The Ethanol Papers - Paperturn manuscript - Flipbook - Page 287
Regarding the Ford CNG conversion option for about $300, this is for new vehicles with the conversion taking place in the factory at the time of assembly.
However, this is exactly the problem I was speaking of. In the factory, at the
time of assembly, the package is no big deal. However, if you wish to convert
an older car, let's say your 2014 vehicle, it will cost you thousands of dollars
because of the fees levied by the EPA and some states. But it shouldn't cost
that. Keep in mind, that in some states, such as California, you cannot convert
any gasoline-powered car to CNG, regardless of cost. If you do the conversion
outside of California and try to register it in the state, they will not allow it.
I owned a factory converted CNG-powered Dodge Ram 1500 van for several
years (I just recently sold it).
Regarding small engines and mechanics: In my previous reply I provided two
links that deal with this issue. If you haven't already read this information you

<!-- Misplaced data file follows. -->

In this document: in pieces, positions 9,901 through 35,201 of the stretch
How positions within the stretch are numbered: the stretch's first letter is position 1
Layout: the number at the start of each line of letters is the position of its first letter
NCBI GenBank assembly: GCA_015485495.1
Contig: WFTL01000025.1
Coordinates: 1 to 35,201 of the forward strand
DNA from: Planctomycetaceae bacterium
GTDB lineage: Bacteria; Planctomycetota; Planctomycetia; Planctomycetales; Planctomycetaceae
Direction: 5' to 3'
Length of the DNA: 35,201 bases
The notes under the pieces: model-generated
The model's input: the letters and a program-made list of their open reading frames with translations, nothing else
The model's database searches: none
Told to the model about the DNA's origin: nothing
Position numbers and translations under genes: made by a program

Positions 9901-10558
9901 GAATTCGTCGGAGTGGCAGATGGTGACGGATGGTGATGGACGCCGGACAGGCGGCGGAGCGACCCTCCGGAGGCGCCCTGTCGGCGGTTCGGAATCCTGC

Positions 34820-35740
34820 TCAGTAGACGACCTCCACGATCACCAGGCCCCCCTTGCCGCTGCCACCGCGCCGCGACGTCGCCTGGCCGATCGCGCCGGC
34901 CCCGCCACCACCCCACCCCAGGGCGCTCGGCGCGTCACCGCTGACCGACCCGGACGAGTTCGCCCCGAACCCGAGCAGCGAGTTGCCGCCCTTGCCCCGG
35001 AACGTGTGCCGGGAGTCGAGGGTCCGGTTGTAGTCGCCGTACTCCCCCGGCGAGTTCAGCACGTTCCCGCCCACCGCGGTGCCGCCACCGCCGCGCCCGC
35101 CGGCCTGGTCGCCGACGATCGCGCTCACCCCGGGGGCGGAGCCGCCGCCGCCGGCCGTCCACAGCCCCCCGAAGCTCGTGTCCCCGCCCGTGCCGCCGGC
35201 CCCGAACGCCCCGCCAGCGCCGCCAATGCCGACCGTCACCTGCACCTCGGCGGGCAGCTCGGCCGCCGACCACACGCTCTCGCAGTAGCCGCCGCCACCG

should do it now.
And I stand by my statement that many auto mechanics know as little about
ethanol as you. As for the manufacturers, many don't know about ethanol, or
they are doing what Volvo is doing, guarding against warranty claims.
To the pipeline issue, I already answered it in detail, and I did state that corrosion could be a problem in untreated pipelines. However, when ethanol is
shipped via pipeline, such as they do in Florida, they use treated pipes. Ethanol
is carried by tanker trucks and stored in tanks in the ground. These tanks use
materials that are corrosion resistant, just like gasoline trunks and tanks. It's no
Regarding your comment on recreational boating and aviation, your impression
is incorrect. First, please revisit my comments about boats in Brazil. Second,
Mercury Marine has conducted significant tests and has no problem with E10,
in fact, they say it may be even better to use E10 than E0. But, again, Mercury
sells its marine engines in Brazil, and Brazil's minimum mandated fuel is E27,
so we know that Mercury Marine engines sold in America can use higher blend
levels than E10. This link will take you to the extensive ethanol webinar conducted by Mercury Marine:
As far as aviation, it's a different issue. In order to save small aircraft manufacturers from the added cost of re-tooling their engines, the FAA granted a waiver
for the U.S. They considered that the amount of tetra-ethyl lead and other bad